Archive for March, 2014

CSIRO to axe a quarter of its workforce

Posted on March 17, 2014. Filed under: Uncategorized |

The following article appeared in the Canberra Times over the weekend.  The staff facing job cuts have our utmost empathy as many of us ‘victims’ have been subjected to the CSIRO’s dehumanising “spill and fill” redundancy procedures, many after reporting problems or lodging complaints within the organisation!

It is probably too much to hope that those engaging in misconduct or serious misconduct will be the first to be cut.

One correction that needs to be made to article below is that senior executive positions are safe.  None of the current group or senior executives are being “liquidated”, other than those who have already chosen to leave the organisation.

Despite the spin which CSIRO will inevitably place the loss of executive positions, not refilling vacant positions (i.e. senior executive positions) is vastly different to sacking other staff.

We wonder how many jobs might have been saved but for the CSIRO’s exorbitant PR exercise in its sham investigation exercise which has become so diluted that it is unlikely to result in a single employee facing misconduct charges…

CSIRO support staff next to face 1600 job cuts

Date: March 15, 2014

Noel Towell, Bridie Smith, Nicky Phillips

 Hundreds more job cuts are looming at Australia’s peak science organisation the CSIRO as it pushes through its biggest restructure in decades.

The organisation sacked its legal team in Melbourne this week, losing lawyers who have protected the organisation’s scientific patents for decades. The axe is expected to fall again among 1600 scientific support staff.

Management confirmed more cuts on Friday, but said it could not provide numbers.

In more bad news for government science jobs, private suppliers are already trying to poach specialists from the Defence Materiel Organisation in Canberra amid widespread expectations that much of procurement group will be privatised – with the loss of up to 3000 jobs.

Defence Minister David Johnston fuelled speculation on Friday that the government would boost private sector involvement in defence purchasing after its Commission of Audit reports.

Heads are also expected to roll among the CSIRO’s executive ranks. with the chiefs of 22 divisions and flagships vying for just nine jobs.

Read more:

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CSIRO Investigation questioned at Senate Estimates.

Posted on March 3, 2014. Filed under: Uncategorized |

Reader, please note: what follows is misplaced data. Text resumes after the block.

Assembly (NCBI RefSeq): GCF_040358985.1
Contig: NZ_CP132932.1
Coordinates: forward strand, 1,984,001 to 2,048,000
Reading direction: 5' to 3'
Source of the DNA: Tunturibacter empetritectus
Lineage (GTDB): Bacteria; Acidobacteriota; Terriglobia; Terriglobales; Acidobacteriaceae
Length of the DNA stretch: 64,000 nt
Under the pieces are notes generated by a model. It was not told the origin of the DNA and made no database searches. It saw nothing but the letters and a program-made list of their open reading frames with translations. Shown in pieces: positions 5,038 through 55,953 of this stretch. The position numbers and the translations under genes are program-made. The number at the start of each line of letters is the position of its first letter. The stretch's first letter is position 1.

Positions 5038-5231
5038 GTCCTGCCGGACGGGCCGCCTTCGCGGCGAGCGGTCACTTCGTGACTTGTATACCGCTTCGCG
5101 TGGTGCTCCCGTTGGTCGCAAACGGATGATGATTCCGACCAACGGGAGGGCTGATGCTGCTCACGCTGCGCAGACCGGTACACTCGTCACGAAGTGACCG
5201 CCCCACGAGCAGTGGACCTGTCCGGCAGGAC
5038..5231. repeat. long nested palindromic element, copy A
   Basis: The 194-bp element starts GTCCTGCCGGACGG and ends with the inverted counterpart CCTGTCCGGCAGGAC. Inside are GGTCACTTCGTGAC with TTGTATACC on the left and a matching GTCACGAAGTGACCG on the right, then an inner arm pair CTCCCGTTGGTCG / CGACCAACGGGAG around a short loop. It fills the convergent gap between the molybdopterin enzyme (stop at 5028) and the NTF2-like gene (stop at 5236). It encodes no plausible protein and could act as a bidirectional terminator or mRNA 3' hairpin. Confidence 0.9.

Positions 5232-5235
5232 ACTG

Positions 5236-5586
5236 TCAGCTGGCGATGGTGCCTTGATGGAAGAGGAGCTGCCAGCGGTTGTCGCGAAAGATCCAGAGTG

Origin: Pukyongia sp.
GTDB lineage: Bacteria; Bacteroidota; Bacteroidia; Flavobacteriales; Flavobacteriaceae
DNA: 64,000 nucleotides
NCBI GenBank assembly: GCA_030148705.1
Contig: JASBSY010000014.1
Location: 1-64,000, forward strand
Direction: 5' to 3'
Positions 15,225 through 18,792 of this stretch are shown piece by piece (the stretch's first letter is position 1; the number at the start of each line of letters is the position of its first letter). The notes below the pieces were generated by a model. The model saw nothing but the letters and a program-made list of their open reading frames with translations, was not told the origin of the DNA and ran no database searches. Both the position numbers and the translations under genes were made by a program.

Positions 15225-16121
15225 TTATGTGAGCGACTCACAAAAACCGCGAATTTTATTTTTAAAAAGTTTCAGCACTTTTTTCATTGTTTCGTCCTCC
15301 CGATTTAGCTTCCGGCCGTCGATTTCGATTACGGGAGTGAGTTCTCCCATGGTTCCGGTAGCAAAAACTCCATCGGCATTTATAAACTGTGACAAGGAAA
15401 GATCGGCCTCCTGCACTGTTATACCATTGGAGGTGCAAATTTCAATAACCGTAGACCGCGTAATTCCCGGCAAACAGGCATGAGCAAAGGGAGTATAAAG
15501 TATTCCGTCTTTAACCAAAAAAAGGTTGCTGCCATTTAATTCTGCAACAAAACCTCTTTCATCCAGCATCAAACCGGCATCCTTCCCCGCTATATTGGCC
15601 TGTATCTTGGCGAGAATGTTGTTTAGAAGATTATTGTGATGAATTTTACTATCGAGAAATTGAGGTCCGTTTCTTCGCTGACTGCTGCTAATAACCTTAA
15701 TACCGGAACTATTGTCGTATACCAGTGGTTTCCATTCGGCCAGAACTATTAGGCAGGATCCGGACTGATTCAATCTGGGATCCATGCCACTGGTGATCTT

Questions were raised in relation to the CSIRO Investigation into bullying and other misconduct by Greens Senator, the Hon. Penny Wright during the Senate Estimates Economics Committee Hearing on 27 February 2014.  The video can be viewed here:

We note that the responses of Dr Clark were as effusive as ever.

In relation to the declaration that “the Investigator would not be making any determinations of bullying“, Dr Clark failed to disclose to Senator Wright that this decision only became evident late last year (December 2013) via yet another change slipped into the original Terms of Reference for the investigation which continue to be manipulated to the benefit of the CSIRO and the detriment of victims of workplace bullying.

It is hard to take seriously an investigation where the goal posts are constantly shifting and where a significant number of participants have reported to us that their complaints have largely been rewritten to effectively exclude mishandling by CSIRO management or have been denied investigation based upon a range of spurious grounds, which arguably have little or nothing to do with the nature of the investigation.

There is absolutely no recourse available to participants in which to challenge the validity of such determinations.

From the very outset of this investigation, it has been quite clear that the Terms of Reference have been drafted so as to exclude as many participants as possible from the investigation process.

More recently, the highly selective process of determining which complaints or select elements of complaints are to be investigated and to what extent they will be investigated (if at all) gives rise to considerable concern over what the investigation team is actually able to investigation.

Considering that the Investigator is not even empowered to make a determination on what IS or IS NOT bullying, despite the CSIRO’s clear policies on such matters, we are seriously left wondering what it is that the investigation team is actually tasked to do, other than to perpetuate the myth that the CSIRO is actually doing something to address  the problems of workplace bullying within the organisation, which it is clearly not!

We note that despite nearly 12 months of investigation and the engagement of a former Commonwealth Ombudsman, the Victims of CSIRO continue to receive a large number of complaints in relation to contemporary bullying issues.

The continued lack of stakeholder engagement is palpable…

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